Many people want variety within their lifestyle, there are so many venues within the hospitality industry that offer something that a consumer may never have tried before or only experienced on holiday in a far away exotic place, this relates directly to the increased consumption of ethnically themed foods and plays a key part in attracting new customers and maintaining a loyal customer base. As mentioned earlier YOsushi! is one of the worlds most famous conveyor belt restaurants, the food is all freshly made to order and is prepared in full view of the customers. It is interesting to note that the conveyor belt restaurants in Japan are nothing more than a basic food outlet where customers can get a quick bite to eat on their way to do something else as stated by owner of London sushi bar Ð²Ð‚?ItsuÐ²Ð‚â„¢ Mr Metcalfe (2007) also stating that the conveyor belt is a great way to get food to customers whilst saving money on staffing costs. It is suggested by the author that this shows the cultural changes that have taken place in providing the same concept in two different countries so that they both remain profitable. Japan on one hand prefer the sushi conveyor belt restaurants to be quick no fuss food where as in the UK they are somewhat staged, bringing a little piece of what the British believe to be how Japan prepare, and eat their food almost ritualistically (Metcalfe, 2007). Since opening in 1996 YOsushi! has become extremely popular, their no fuss attitude to service and the customers freedom of choice within the venue has produced a global brand Ð²Ð‚ÑšSince the first year of business (1996) YOsushi! has received approximately 300 applications per year from potential franchisees from Australia to Zurich. We realized we were on to a winning formula and that we could replicate the outstanding YOsushi! success story around the worldÐ²Ð‚Ñœ. Vickers (2005). It is suggested by the author that the success of ethnic brands such as YOsushi! is the effective use of consumer motivation combined with the provision of a market trend that integrates both healthy yet exotic ethnic food types. Although brands such as YOsushi! have become globalised many of the dishes that are recreated from one country to another tend to have a very different end result to its original form. This will happen for several reasons starting from simple facts as seasonality of produce to the availability of certain ingredients. for example a curry had in India is likely to look, taste, and even smell different to that of a curry in the UK such as the Ð²Ð‚?BaltiÐ²Ð‚â„¢ which is believed to have been invented in Birmingham. (Anon, 2007). Birmingham is renowned for the production of curries with around 500 venues to choose from (Anon, 2005) and has provided a steady economy for the ethnic food industry, the word Ð²Ð‚?BaltiÐ²Ð‚â„¢ when translated actually means Ð²Ð‚?bucketÐ²Ð‚â„¢ which in earlier days would have meant an earthen dish with handles on. The Balti will identify culturally with a specific set of migrants, even though it is not an Ð²Ð‚?authenticÐ²Ð‚â„¢ Indian dish, and residents of Birmingham and the surrounding region, therefore the author suggests that the dish has been redefined from a traditional dish to one that combines not only the ethnic roots of the inventor but also the environment that is now lived in within western society. Although the cultural identity of foods such as the Balti appear to create an economical advantage for Birmingham it has been noted that many Balti-house owners and managers spend their time constantly undercutting each other in a price war (Ram et al, 2000) making it difficult for each individual business to survive. The cultural identity of Birmingham is very much tied to the popularity of dishes such as the curry the author suggests that this may be because of the stereotypical cultural image of the traditional British friday night out, but according to Stewart (1989) less well known is that of the fish and chip shops that are Greek-Cypriot owned and add up to over 25% of BirminghamÐ²Ð‚â„¢s fish and chip shops therefore showing that Birmingham is a good example of a multicultural environment within the UK, even though it is often not perceived to be a Ð²Ð‚?global cityÐ²Ð‚â„¢ its economy is evolving in many ways through the ethnic food industry that is related to its Ð²Ð‚Ñšmulticulturalism, post colonialism and the transnationalism of many of its residentsÐ²Ð‚Ñœ (McEwan et al, 2005) , as suggested by Bryson et al (1996) it is a Ð²Ð‚Ñšworkshop of the worldÐ²Ð‚Ñœ that through its migratory and post colonial past is by all means a multicultural city within the UK. It is noted by the author that although Birmingham is a good example of a multicultural city within the UK there are many other cities that also benefit from a multicultural society such as Manchester and Nottingham.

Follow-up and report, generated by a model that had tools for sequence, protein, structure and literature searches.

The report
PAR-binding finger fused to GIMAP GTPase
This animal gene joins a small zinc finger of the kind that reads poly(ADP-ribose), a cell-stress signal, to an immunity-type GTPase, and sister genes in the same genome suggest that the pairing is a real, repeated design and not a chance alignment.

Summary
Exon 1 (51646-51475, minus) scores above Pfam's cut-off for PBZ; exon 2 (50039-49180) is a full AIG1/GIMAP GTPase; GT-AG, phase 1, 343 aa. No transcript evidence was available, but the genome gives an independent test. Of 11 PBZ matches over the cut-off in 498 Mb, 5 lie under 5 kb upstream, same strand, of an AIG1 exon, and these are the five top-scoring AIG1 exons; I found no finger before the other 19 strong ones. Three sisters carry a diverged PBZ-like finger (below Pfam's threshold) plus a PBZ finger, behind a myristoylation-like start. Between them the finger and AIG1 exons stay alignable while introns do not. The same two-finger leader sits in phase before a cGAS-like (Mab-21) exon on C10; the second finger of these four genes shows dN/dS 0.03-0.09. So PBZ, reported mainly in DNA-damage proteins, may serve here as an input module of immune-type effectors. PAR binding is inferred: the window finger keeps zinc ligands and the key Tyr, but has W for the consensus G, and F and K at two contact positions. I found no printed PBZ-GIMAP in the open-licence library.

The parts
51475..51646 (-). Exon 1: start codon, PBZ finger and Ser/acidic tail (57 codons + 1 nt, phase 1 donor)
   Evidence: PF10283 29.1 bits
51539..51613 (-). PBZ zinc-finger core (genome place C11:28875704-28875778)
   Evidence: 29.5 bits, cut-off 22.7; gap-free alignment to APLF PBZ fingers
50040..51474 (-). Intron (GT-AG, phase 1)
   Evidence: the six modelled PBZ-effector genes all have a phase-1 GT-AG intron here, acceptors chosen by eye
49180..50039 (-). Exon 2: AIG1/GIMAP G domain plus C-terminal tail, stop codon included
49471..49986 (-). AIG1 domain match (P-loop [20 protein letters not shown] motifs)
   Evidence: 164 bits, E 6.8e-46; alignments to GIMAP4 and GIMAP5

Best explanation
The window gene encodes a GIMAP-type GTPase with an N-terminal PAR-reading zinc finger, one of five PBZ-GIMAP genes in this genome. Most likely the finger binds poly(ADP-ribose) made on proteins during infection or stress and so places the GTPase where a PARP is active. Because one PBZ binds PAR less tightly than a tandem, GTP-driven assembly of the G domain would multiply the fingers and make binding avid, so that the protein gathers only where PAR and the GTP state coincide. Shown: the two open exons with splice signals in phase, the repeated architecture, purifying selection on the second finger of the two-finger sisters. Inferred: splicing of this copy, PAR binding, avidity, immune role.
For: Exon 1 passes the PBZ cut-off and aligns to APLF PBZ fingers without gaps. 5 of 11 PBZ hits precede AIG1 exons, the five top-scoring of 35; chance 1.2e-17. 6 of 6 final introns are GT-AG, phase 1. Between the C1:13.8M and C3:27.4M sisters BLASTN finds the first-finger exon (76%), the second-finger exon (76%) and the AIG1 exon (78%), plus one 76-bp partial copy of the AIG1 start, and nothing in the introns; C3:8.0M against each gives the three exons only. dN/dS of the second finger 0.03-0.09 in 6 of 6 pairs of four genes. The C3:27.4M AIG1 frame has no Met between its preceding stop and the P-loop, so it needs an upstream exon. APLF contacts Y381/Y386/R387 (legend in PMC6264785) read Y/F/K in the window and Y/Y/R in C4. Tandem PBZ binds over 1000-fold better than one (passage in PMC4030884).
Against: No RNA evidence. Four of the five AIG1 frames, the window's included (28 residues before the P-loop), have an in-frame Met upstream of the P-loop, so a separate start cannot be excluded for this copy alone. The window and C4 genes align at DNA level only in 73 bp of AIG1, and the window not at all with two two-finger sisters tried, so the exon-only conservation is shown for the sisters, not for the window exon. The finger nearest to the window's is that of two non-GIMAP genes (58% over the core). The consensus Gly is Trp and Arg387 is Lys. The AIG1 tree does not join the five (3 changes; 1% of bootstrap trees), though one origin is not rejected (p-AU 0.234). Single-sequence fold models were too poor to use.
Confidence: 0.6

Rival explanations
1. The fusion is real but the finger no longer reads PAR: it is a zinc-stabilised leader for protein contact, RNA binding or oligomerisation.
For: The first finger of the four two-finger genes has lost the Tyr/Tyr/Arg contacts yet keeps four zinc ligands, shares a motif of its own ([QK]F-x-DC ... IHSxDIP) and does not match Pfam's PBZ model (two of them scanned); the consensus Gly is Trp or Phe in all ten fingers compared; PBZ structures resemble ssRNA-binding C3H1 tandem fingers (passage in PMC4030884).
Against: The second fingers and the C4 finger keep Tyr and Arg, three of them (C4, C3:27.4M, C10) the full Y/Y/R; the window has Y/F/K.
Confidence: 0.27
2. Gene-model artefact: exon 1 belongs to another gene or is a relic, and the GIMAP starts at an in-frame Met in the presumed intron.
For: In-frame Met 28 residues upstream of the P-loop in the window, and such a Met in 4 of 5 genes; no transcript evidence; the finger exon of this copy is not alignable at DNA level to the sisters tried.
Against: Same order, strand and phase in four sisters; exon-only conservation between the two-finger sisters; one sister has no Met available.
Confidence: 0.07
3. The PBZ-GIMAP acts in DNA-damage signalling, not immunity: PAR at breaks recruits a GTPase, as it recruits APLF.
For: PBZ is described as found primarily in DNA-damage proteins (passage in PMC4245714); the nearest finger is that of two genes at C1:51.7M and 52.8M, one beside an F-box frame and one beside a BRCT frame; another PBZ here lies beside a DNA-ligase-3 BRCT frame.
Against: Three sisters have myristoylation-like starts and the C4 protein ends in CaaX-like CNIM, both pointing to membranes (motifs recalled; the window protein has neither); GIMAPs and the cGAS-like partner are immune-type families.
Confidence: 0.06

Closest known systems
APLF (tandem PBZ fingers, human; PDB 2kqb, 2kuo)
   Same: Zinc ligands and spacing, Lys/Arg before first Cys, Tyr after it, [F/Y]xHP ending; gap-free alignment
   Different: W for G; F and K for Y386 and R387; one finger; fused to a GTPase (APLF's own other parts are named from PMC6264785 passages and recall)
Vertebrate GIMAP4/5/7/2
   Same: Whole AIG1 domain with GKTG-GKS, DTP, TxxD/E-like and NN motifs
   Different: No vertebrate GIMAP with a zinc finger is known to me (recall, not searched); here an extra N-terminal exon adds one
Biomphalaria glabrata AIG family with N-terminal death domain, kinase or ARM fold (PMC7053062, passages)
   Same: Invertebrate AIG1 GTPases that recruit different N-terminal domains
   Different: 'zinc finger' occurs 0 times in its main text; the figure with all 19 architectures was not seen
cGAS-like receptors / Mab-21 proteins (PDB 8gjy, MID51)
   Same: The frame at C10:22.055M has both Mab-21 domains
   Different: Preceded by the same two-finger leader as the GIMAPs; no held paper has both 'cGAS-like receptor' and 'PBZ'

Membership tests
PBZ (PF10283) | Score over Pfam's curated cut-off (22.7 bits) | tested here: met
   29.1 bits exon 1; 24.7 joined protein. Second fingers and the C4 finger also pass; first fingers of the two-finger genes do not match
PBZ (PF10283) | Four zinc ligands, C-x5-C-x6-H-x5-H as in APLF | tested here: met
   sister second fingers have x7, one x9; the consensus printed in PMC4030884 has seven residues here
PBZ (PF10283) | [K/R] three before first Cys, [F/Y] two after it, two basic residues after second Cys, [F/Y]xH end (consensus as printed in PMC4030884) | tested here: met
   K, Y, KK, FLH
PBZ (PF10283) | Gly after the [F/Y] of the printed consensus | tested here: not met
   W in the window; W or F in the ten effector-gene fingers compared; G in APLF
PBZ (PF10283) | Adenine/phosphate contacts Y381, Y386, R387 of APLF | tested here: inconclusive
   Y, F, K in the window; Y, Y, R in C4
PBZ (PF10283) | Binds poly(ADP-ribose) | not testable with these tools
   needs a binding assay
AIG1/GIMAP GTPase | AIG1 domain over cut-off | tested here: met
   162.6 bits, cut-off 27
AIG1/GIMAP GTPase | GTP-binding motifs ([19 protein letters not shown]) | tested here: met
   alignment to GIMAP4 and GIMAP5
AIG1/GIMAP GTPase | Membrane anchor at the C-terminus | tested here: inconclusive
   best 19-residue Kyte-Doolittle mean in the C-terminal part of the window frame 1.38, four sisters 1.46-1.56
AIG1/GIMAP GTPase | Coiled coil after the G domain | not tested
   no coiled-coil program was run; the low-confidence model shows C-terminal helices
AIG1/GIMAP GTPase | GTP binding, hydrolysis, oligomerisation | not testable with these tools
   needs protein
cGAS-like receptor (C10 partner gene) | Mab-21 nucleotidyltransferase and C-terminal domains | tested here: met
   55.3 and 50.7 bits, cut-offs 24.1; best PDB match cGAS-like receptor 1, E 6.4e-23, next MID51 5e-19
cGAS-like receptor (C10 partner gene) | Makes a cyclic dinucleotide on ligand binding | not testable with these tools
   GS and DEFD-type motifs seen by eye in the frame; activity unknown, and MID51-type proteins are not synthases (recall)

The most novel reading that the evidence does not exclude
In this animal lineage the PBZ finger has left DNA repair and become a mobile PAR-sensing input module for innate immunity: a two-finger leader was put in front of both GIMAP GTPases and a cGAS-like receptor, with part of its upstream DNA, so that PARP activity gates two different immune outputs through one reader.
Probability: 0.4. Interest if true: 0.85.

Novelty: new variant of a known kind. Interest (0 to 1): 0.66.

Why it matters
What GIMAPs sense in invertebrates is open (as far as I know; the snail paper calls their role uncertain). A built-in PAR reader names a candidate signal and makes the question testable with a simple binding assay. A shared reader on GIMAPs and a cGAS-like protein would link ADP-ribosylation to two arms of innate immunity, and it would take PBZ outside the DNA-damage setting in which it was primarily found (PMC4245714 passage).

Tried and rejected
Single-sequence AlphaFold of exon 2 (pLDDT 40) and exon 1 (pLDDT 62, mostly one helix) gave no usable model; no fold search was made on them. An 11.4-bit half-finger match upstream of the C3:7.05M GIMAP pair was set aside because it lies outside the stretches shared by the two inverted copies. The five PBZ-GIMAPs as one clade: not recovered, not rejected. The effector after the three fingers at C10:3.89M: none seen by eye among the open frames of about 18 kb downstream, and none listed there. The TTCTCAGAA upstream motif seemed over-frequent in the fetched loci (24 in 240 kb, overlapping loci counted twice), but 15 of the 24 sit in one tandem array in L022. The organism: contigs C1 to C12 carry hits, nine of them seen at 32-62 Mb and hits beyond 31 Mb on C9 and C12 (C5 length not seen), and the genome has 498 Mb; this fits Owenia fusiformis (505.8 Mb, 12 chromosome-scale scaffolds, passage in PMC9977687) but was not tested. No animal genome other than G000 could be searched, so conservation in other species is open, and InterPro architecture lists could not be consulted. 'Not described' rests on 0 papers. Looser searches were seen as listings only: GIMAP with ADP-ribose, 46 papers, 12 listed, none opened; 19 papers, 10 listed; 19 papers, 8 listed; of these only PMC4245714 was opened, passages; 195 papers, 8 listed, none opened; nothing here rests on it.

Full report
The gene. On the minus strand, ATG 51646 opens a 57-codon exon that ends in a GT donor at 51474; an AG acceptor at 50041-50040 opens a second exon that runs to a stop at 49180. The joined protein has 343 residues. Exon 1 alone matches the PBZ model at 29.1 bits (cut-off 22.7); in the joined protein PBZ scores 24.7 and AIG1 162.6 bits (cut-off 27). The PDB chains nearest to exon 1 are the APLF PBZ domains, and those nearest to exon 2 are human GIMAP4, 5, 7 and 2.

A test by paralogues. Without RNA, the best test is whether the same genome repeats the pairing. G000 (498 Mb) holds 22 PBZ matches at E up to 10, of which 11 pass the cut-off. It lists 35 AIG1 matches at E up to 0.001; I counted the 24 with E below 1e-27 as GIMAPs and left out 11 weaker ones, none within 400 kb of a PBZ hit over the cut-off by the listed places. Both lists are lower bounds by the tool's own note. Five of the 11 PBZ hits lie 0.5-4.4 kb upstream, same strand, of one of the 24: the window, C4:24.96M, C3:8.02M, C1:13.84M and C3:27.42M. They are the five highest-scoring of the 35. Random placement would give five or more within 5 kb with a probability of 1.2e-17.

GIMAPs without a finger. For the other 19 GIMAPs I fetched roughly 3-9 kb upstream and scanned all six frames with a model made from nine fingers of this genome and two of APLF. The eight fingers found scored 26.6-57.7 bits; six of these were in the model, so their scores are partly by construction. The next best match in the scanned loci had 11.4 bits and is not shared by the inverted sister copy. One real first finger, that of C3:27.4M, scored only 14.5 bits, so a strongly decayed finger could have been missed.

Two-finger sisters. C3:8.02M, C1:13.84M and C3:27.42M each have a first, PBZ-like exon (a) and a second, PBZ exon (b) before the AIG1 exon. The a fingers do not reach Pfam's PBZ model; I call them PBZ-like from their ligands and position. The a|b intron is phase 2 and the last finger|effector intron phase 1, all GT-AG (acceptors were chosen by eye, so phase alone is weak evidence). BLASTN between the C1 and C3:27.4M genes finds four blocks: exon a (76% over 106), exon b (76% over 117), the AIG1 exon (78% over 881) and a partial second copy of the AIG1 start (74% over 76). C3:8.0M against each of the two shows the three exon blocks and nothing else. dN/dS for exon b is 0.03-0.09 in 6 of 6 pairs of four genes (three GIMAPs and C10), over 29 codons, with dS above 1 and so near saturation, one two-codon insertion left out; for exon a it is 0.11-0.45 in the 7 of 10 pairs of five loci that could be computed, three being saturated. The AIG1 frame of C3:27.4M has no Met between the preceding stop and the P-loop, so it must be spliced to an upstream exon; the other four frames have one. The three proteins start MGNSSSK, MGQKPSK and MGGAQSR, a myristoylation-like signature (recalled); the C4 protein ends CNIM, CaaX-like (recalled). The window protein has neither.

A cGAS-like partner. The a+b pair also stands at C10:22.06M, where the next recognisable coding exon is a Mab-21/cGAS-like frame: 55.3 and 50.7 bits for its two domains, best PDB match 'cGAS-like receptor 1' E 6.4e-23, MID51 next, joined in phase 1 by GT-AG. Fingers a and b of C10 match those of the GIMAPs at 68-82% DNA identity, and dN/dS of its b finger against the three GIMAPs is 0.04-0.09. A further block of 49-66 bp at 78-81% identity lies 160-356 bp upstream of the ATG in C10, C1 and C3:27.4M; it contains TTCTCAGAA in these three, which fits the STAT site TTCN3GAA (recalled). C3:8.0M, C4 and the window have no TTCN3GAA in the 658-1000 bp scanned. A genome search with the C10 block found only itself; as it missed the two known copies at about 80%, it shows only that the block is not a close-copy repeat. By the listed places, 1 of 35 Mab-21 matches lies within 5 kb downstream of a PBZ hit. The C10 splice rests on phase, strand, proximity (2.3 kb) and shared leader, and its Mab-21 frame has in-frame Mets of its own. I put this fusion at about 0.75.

In conclusion there are many different factors that affect the way consumers are motivated to choose where to dine out, these have varied from patronage motives to those of cultural identity and a sense of community. Religion, Income, increased leisure time, and demographics have all played a key part in influencing consumers on their food choices, leading to a society that is more informed about what is available to them and what they want from their dining out experience. The changing roles of family life, eating patterns and the increased number of women working full time has also contributed to a society that want to enjoy their leisure time with friends and family rather than adhering to the role of women in the home that may have been present a decade ago. Ethnically themed restaurants and takeaways have enjoyed the trends that have increased the number of people dining out in the UK dramatically in the last decade, with consumers including their food choices as part of their cultural identity and also wanting to experience other cultures that are residing alongside one another within many cities in the UK. Ethnic cuisine is influencing the consumer more and more, with choices available from world wide destinations that remind the consumer of holiday experiences, alongside the perception of a Ð²Ð‚?healthierÐ²Ð‚â„¢ food option within the rise of a much more multi-cultural society, the service of ethnically themed cuisine should continue to remain profitable to both large brands and smaller businesses within the industry as long as the hospitality managers understand their target markets motivation for buying and consumer demand remains constant.